April 13

How I Edit My Photos For The Blog & IG

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Most people assume that because Thomas shoots almost all (I take some too!) of the photos for both the blog and Instagram, that he also edits them. He gets people reaching out all the time asking if he could teach them how to edit or write a post on what his process is. But, truth be told, I edit them all! Over the past seven years I’ve really figured out my editing style, but that came with a lot of trial and error and practice along the way. When we first started Gal Meets Glam, we used a $150 point and shoot camera and didn’t know a thing about proper photography, let alone editing. Everything we know is self taught and was learned through our combined passion for the blog. In the beginning, there were many frustrating moments while we were still learning, but because we were continually trying to improve our skill almost every single day for GMG, our knowledge grew quickly along with our love for photography (especially for Thomas). If you’re currently learning or want to learn how to take better photos, Thomas posted this ‘Photography Guide For Beginners’ a few months back.

There are a few different apps for editing on your computer, but the only one I use is Lightroom. I’ve been using it since 2012 when we really started to focus in on our photography. I am by no means an expert at it, and there are so many elements and tools that I still have no idea how to use, but I have my preferred process down. I pick up small tips here and there from photographer friends, but for the most part, I don’t sway from my simple system. So, here is my step by step process on how I edit my images for both the blog & IG (with some examples, too!):

Editing For Blog Photos:

I always start with a VSCO filter in Lightroom. I think they’re a great base and jumping off point. As I mentioned above, I’ve only learned how to edit through practice and I don’t like anything complicated. I have a ton of photos to edit at all times (now for both the blog and GMG Collection), so I have to have a process that’s quick and works.

My favorite VSCO pack in Lightroom is the VSCO Film 02 – specifically the Kodak Porta 400VC- filter. That’s generally what I use 99% of the time.

My first tweak is always adding a tiny bit of grain to the photo and eliminating the natural vignette that the camera makes. After that, I adjust exposure. Most of the time Thomas nails the exposure on the head so I don’t really have to adjust, but I do like my photos bright, so I usually add a tiny bit of brightness.

Next, I adjust the warmth. I love warm photos. This means I turn the temperature a bit more to the yellow tones vs the blues. I don’t go too overboard with warmth though because I never want anything to look orange.

After warmth is tint. The tint is what give my images that “pink” hue that people always ask me about. I prefer to eliminate the green glow in my photos and add more pink tint to each.

From there, I bring down my highlights just a tad (again, depends on the photo) because I don’t love my whites super white and I also like to get a little bit more color in my face when I do so.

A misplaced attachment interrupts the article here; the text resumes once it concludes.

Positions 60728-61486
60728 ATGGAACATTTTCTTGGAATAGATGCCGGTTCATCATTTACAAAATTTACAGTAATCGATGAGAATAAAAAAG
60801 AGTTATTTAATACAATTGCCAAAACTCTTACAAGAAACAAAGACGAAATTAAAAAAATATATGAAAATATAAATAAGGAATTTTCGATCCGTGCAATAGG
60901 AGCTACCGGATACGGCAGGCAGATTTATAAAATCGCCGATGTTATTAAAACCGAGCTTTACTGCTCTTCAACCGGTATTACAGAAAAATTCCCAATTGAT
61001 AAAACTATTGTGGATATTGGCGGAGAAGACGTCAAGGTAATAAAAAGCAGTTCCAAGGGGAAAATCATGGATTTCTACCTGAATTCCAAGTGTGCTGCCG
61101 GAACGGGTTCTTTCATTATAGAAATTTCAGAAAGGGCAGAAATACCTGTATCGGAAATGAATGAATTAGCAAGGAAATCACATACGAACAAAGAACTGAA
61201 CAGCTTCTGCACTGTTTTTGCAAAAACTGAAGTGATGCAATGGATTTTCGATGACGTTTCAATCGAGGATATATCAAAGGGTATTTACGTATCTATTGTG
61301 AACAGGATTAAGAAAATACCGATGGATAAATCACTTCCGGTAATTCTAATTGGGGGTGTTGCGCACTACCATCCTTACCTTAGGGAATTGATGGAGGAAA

After that, I usually bring up the shadows a bit. Like I mentioned above, I love photos that are bright and airy and I usually get rid of any darkness that feels really heavy by bringing up the shadows.

One step that I sometimes do, but not on every photo, is adjust the colors. I like for my colors to look as close to the real life thing as possible. An image never looks as good on camera as it does in person, especially beautiful landscapes! Sometimes I’ll go in and tweak a red if it’s not photographing right or I’ll bright up the pink hues if they’re looking dull. Again, I don’t do this in every scenario, but sometimes it’s necessary to make the photo pop!

Note, each photo is so different and requires unique variations of tweaks. Although I use the same ‘process’ on each photo, the steps vary because of all the different elements within the photos, like light or color or whether it’s indoor or outdoor. Light is the key to good photography! Bad light=need more editing work. We’re always trying to get the best light. Below I have two examples of different types of light- the first is a dull light on an overcast day and the second is a bright back light.

And here is another example where we had some really nice backlight (my favorite) and great natural color from the flowers. The editing was mostly the same with a few slight adjustments to make the pinks pop and less warmth than I added above (because the backlight naturally made it warmer).

Editing For Instagram:

When it comes to editing for Instagram, my editing depends on what camera the photo is coming from. If it’s come from our DSLR or Leica (which are probably 80% of them), I do the same editing as above.

If the image is coming from my iPhone, I use the VSCO app and use a mix of tweaking using their editing tools and add a filter to get a similar style to the one I use in Lightroom. My favorite filters are A6, 06 and E3. Before I add the filter, I usually bring up the exposure, up the temperature and bring out the pink tints. I then add one of the filters- I’ve been using E3 the most recently.

That’s it for my editing techniques! Let me know if you have any questions!

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